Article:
Polycystic ovary syndrome (PCOS) is a common endocrine condition in reproductive-aged women associated with metabolic, reproductive and psychological features. Lifestyle modification (diet/physical activity) is considered first-line treatment for PCOS. However, there is limited high-quality evidence to support therapeutic dietary interventions for PCOS beyond general population-based healthy eating guidelines. Adherence to a Mediterranean diet (MedDiet), with or without energy restriction, improves cardiometabolic health in populations including persons with or at high risk of cardiovascular disease and type 2 diabetes. However, there is limited research examining the MedDiet in PCOS. Therefore, this 12 week randomized controlled trial will investigate the efficacy of a MedDiet on cardiometabolic and hormonal parameters and explore its acceptability and feasibility in PCOS. Forty-two overweight and obese women with PCOS (aged 18-45 years) will be randomized to receive dietary advice consistent with Australian Dietary Guidelines or an ad libitum MedDiet intervention. All participants will receive fortnightly counselling to facilitate behaviour change. The primary outcomes will be changes in insulin resistance, glucose, total testosterone and sex hormone-binding globulin. Secondary outcomes include changes in body weight and feasibility and acceptability of the MedDiet intervention. The results of this study will provide further evidence on specific dietary approaches for management of PCOS.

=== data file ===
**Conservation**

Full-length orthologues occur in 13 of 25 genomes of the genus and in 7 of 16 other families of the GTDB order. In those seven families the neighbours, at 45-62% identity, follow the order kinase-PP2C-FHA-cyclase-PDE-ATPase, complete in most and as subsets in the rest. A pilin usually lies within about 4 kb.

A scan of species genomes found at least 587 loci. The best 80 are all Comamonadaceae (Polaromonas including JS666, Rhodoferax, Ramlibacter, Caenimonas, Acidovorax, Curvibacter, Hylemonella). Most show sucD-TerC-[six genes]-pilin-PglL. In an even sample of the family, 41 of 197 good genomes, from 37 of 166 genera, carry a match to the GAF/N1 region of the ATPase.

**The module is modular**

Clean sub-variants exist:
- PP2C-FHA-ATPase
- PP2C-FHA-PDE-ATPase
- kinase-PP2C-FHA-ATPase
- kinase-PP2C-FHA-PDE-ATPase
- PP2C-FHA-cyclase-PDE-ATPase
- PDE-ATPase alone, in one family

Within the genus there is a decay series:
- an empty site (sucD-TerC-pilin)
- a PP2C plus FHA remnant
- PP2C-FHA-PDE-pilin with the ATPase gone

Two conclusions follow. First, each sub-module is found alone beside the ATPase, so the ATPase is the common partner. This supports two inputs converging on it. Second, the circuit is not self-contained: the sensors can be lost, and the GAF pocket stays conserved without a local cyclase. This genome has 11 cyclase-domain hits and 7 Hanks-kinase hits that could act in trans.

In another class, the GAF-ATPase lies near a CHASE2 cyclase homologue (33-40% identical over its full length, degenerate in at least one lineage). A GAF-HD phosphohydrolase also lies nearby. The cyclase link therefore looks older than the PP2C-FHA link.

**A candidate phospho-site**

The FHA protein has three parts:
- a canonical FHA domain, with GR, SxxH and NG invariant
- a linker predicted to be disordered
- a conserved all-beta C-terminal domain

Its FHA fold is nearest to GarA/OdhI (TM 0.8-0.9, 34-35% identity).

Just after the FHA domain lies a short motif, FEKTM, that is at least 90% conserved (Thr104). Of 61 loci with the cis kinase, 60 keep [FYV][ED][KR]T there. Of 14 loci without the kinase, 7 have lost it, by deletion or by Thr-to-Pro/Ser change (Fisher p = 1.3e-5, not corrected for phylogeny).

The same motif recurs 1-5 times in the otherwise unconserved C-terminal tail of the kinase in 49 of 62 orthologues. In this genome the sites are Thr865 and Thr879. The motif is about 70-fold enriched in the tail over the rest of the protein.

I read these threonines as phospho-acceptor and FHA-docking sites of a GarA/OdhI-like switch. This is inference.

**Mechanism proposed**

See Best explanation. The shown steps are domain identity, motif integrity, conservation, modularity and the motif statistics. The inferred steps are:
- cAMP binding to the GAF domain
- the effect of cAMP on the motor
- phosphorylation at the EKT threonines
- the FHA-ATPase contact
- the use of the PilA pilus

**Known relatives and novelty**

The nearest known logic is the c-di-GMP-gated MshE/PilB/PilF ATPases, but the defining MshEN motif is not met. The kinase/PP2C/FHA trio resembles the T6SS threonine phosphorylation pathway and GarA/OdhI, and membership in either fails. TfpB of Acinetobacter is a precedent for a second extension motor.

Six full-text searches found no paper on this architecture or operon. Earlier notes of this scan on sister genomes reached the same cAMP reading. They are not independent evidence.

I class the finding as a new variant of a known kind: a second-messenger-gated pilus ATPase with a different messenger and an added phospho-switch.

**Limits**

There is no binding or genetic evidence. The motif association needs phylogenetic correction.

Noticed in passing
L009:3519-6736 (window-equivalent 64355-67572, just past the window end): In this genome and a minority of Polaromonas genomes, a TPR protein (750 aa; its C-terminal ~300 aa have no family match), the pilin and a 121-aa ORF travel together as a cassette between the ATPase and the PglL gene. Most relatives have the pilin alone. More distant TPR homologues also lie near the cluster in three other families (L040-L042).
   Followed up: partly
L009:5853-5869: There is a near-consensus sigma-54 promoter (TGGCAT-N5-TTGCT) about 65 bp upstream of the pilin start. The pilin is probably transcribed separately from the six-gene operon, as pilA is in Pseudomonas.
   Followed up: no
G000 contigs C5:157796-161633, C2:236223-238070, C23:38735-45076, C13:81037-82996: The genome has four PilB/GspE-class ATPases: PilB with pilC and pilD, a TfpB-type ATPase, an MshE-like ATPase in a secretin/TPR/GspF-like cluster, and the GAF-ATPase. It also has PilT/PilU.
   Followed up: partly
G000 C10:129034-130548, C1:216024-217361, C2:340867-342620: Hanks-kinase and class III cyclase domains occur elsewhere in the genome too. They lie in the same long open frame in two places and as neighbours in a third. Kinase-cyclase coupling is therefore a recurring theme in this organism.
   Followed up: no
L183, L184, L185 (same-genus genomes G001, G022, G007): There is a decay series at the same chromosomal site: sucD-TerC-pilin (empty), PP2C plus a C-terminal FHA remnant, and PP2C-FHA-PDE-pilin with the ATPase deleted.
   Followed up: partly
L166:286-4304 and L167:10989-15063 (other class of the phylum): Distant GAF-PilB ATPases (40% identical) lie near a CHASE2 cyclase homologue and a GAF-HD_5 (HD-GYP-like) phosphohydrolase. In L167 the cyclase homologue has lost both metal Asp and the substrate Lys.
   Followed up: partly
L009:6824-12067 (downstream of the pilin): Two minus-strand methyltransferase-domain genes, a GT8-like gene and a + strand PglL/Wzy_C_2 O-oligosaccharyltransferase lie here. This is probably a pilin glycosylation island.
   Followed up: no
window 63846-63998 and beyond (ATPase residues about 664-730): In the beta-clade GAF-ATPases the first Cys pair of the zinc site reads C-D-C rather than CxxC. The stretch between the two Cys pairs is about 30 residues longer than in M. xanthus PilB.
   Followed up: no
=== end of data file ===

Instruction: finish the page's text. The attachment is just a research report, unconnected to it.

Keywords: Mediterranean diet; acceptability; behaviour change techniques; feasibility; insulin resistance; polycystic ovary syndrome.